While it’s all change with the Head 2 Head Seasons, Online Friendlies, and the Match Flow, it’s all the same when it comes to Clubs. Unfortunately, it has to be said that Clubs in FIFA 11 was simply not a mode which could be released again unchanged, and the result will be that Clubs will denigrate to the same mess that it has for the last few years, but this time around it will happen even faster.

I will not use this opportunity to go over the problems with Clubs, as I quite recently wrote about them in a Xaor’s Corner post. Unfortunately, the issues talked about there recur almost in their entirety. It has to be said that so far it seems the servers are holding up considerably better than they did in FIFA 11 launch, but that really is a bare minimum. Worst of all, it seems that the 100% VP hack which only appeared in the last few months of FIFA 11’s lifespan, has already been replicated in FIFA 12. Even for those not willing to go as far as explicit hacking, boosting your VP is easier than ever thanks to the gameplay sliders making even the hardest accomplishments extremely easy.

All of this put together probably means one thing: those who still tolerated Clubs last year will probably continue doing so, albeit with even more gritted teeth, but those who couldn’t tolerate it last year certainly won’t be able to this year – a dreadful disappointment for FIFA’s cleverest, most unique, and most potentially brilliant feature.

EA Sports Football Club

Lastly, FIFA 12 features a number of new concepts housed under EASFC. This allows you to connect better to your friends – getting updates for everything they do, get rewarded for playing FIFA 12 through experience points, challenge yourself with dynamic scenarios, and contribute your supported team’s league position. As you play, you gain experience and this contributes to your level, but so far I can’t see any reason to care about my level.

It’s certainly a well implemented feature, both smooth and stylish, but frankly I fail to see why so much effort has been focused on it. While it’s occasionally nice to know that a friend has won a game in X mode by Y score, I certainly don’t need to be informed that a friend has uploaded a video (especially given that I can’t watch the video from the game).

Then there is the Support Your Club feature, a virtual football league based on how much (on average) a fan of each particular team plays FIFA. This is at best an interesting statistic, but I can’t realistically imagine anyone caring a huge amount about how their team does in this league. After all, your contribution is capped so heavily that unless you support a club with very few other followers, you won’t be able to make a jot of difference – and even if you could, is having the ‘Most FIFA addicted’ Club really anything to get excited about? I can see as many reasons to hope that my team would do badly as well!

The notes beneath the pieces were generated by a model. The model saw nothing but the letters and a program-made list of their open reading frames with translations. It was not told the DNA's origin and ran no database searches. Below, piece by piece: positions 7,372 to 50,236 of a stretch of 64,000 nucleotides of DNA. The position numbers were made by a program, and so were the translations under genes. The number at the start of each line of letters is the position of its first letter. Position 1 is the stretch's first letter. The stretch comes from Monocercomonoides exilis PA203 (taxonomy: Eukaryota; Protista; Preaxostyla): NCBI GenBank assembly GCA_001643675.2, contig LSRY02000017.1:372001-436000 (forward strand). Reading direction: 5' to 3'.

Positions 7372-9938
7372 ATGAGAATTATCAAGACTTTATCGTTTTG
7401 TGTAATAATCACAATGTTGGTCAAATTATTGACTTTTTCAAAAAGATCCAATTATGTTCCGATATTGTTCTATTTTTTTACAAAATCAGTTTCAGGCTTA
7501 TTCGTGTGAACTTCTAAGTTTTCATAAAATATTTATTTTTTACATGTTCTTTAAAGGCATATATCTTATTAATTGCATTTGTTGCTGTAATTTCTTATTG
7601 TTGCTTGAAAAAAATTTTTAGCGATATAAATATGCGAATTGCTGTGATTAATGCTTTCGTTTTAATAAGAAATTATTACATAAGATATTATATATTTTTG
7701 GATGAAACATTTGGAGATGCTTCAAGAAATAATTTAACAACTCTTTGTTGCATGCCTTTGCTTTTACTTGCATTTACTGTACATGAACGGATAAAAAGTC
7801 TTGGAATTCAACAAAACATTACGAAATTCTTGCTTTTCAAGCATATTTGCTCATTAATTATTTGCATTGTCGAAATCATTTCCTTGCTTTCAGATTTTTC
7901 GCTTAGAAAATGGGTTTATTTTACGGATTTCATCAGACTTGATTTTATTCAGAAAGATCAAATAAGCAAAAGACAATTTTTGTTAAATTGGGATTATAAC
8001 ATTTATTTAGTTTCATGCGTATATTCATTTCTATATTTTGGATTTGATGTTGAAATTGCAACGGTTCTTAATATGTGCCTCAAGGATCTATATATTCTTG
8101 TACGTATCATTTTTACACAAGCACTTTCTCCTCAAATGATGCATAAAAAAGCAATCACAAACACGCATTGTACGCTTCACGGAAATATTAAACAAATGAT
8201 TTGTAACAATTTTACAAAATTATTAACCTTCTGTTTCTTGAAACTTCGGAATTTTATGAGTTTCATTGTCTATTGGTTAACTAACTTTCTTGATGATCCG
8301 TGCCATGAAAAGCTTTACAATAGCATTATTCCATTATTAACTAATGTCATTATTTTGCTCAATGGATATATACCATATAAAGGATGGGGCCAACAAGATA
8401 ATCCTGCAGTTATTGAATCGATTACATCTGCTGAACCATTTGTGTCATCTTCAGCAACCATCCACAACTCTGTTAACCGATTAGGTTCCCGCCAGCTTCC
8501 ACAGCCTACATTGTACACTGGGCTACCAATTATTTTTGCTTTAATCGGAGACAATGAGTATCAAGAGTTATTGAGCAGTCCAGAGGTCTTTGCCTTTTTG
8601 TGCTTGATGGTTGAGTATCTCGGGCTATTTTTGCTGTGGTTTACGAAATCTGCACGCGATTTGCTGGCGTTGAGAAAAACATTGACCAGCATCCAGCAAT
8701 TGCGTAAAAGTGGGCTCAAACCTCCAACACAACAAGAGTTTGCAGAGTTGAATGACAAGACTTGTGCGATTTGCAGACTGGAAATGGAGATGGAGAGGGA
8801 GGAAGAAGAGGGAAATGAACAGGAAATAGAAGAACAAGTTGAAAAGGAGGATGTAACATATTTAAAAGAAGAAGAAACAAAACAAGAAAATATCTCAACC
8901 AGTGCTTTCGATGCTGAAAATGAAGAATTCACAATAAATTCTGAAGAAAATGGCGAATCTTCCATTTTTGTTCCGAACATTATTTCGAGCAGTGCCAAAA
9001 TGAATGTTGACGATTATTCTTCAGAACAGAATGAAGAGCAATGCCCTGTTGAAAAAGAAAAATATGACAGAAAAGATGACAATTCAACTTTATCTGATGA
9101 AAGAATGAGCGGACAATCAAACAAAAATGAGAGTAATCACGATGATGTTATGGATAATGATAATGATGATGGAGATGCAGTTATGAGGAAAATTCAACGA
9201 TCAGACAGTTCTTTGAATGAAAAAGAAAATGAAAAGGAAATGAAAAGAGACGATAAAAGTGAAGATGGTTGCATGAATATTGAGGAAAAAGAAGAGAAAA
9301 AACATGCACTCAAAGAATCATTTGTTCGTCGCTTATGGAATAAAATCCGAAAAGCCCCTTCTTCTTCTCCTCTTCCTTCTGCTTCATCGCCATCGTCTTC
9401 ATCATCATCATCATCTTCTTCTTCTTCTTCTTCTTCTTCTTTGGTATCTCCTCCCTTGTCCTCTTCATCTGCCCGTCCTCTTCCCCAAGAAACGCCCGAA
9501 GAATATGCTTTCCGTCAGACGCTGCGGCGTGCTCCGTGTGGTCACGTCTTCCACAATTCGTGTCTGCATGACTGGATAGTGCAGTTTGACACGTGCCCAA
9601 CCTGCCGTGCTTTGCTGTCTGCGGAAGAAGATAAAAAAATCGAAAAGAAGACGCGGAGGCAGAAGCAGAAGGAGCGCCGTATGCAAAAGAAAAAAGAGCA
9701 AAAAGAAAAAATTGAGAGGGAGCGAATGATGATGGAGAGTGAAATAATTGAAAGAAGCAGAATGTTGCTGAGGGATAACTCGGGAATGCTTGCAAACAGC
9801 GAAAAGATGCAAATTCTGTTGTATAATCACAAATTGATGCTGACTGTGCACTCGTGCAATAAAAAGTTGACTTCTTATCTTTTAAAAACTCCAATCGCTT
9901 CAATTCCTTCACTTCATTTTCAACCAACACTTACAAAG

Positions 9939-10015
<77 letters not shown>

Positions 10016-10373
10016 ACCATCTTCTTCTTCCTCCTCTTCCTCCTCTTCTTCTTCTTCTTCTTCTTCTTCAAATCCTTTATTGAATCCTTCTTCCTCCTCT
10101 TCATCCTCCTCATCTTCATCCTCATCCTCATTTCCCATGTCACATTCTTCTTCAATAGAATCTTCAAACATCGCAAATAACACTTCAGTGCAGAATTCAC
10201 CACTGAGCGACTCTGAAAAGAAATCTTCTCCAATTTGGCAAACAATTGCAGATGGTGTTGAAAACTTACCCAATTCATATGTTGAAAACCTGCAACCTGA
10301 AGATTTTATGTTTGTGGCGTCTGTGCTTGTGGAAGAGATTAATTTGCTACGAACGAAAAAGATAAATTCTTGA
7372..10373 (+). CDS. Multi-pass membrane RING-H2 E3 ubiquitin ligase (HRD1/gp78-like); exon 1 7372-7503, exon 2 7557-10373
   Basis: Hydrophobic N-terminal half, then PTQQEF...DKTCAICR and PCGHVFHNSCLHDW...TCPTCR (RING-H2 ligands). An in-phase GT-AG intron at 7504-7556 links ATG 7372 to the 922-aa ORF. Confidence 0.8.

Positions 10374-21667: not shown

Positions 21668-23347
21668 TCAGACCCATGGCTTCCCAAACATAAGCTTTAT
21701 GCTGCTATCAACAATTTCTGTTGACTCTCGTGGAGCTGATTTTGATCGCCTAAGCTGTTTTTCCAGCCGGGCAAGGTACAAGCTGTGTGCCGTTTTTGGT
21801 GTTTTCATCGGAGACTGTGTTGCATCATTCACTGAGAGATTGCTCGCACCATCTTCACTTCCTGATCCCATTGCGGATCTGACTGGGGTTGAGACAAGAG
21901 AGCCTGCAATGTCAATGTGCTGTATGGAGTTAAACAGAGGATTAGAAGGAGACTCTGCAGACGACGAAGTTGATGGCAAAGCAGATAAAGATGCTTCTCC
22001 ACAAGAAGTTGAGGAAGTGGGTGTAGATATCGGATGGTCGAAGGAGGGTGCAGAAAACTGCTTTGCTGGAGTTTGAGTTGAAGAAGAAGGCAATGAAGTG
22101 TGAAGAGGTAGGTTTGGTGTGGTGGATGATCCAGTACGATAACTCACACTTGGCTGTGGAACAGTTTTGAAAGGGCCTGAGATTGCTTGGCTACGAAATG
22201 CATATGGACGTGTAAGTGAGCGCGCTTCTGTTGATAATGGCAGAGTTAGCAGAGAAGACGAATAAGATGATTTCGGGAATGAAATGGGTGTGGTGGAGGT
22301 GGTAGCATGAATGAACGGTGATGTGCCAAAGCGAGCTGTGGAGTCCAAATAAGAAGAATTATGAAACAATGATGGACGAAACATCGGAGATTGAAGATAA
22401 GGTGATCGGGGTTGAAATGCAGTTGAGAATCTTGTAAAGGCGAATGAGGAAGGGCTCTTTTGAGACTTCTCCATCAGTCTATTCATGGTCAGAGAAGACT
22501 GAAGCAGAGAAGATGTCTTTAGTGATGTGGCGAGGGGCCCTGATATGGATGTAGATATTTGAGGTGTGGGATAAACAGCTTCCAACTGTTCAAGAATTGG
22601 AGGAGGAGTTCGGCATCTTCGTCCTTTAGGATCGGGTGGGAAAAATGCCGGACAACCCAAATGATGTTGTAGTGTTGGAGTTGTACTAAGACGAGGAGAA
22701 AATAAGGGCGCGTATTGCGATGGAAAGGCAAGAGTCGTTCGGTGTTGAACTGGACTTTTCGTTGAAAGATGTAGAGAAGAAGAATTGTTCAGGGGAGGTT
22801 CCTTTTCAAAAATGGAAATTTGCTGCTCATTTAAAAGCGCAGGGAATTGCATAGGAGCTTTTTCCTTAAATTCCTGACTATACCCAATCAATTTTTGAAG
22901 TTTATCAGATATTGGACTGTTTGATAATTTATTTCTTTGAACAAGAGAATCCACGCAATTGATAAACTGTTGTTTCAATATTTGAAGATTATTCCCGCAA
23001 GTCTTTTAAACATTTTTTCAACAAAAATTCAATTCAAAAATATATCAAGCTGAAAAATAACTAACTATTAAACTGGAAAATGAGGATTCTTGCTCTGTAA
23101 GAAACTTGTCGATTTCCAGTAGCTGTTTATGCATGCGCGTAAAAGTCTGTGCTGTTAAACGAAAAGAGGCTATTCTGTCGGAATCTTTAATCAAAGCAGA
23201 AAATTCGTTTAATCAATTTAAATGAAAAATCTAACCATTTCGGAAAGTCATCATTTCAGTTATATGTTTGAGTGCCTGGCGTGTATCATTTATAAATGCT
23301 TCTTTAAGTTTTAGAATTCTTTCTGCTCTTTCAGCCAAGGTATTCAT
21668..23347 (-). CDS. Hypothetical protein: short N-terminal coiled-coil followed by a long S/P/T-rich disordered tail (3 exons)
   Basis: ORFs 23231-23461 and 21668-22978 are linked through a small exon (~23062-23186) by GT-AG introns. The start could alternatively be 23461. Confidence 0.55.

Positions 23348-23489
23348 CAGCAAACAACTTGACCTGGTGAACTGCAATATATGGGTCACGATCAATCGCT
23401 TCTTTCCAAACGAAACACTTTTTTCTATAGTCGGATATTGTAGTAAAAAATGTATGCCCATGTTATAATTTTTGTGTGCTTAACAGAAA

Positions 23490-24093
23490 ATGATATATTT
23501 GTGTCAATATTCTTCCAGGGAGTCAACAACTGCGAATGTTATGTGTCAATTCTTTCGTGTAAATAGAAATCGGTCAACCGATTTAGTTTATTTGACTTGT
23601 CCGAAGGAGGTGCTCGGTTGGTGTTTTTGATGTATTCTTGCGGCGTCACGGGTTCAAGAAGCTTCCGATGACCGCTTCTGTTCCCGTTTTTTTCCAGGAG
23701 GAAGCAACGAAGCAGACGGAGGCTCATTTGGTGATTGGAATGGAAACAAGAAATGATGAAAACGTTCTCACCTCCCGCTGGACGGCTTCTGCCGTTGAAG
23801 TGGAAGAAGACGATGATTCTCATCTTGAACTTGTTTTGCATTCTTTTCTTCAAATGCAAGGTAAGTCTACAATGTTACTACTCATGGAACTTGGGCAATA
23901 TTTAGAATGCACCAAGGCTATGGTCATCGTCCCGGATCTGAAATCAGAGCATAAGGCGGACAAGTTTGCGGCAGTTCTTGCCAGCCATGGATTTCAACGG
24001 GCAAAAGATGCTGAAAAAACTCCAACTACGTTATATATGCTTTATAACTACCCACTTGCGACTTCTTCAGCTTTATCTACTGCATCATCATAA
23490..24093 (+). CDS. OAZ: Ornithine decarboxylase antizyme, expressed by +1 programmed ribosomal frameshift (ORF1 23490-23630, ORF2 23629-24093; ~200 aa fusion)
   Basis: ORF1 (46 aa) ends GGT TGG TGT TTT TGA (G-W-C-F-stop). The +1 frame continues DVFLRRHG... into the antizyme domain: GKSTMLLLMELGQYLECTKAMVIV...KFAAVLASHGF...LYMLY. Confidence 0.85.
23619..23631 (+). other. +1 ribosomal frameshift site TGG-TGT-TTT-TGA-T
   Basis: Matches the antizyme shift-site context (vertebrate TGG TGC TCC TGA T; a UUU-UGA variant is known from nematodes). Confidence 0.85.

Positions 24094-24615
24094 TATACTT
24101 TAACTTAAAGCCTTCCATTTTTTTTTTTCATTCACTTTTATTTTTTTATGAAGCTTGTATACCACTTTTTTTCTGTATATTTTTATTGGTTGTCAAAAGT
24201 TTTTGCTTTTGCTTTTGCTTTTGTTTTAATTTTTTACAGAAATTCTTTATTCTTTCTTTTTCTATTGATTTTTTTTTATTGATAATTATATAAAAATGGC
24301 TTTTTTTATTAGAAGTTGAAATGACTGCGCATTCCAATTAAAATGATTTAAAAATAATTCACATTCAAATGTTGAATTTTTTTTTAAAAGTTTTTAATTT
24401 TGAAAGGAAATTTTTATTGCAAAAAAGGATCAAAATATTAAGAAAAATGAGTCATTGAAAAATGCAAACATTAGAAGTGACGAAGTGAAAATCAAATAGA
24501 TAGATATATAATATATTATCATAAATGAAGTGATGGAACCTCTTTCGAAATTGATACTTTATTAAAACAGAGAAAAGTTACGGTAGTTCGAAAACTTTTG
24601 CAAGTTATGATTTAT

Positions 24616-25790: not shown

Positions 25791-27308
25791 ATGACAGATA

Finally, the challenges feature allows you to play a scenario which EA has set (they roll over every few days) which allows you to try to recreate a real world result, starting at a particular point in the match at a particular score. I cannot know what type of scenarios there will be in the future, but so far almost all of them have been: “You are X goals down with Y minutes to go – go  win”. I hope that in future the challenges will become a little more varied – perhaps having us hold on to a lead, giant killing, or surviving with 10 men. Even so, it will only ever be a small nice idea in the EASFC package of small nice ideas – and that begs the question: was it worth the hype, or the time?


FIFA 12’s online is a bit hit and miss. On the one hand, the new structure for head 2 head ranked games is a superb success, not that this is a particular surprise given that the system had already been tried in FIFA 2010 World Cup – and the new matchmaking system is a triumph for manual users and small team supporters. On the other, we have a whole host of modes which have experienced almost no change at all: Leagues, Online Team Play, Pro Ranked Matches and most importantly Virtual Pro Clubs, which will no doubt be a huge disappointment to many. EA’s big new innovation this year, EA Sports Football Club, fails to prove its worth as something which will revolutionise the way we play FIFA. Crucially, the gameplay online feels very different to how it did in FIFA 11 thanks to the changes to defending, but outside of this the old cracks are appearing thick and fast.


*This is not the final score for the game. It’s the score for this portion. The final score based on all aspects considered will be live at 3pm*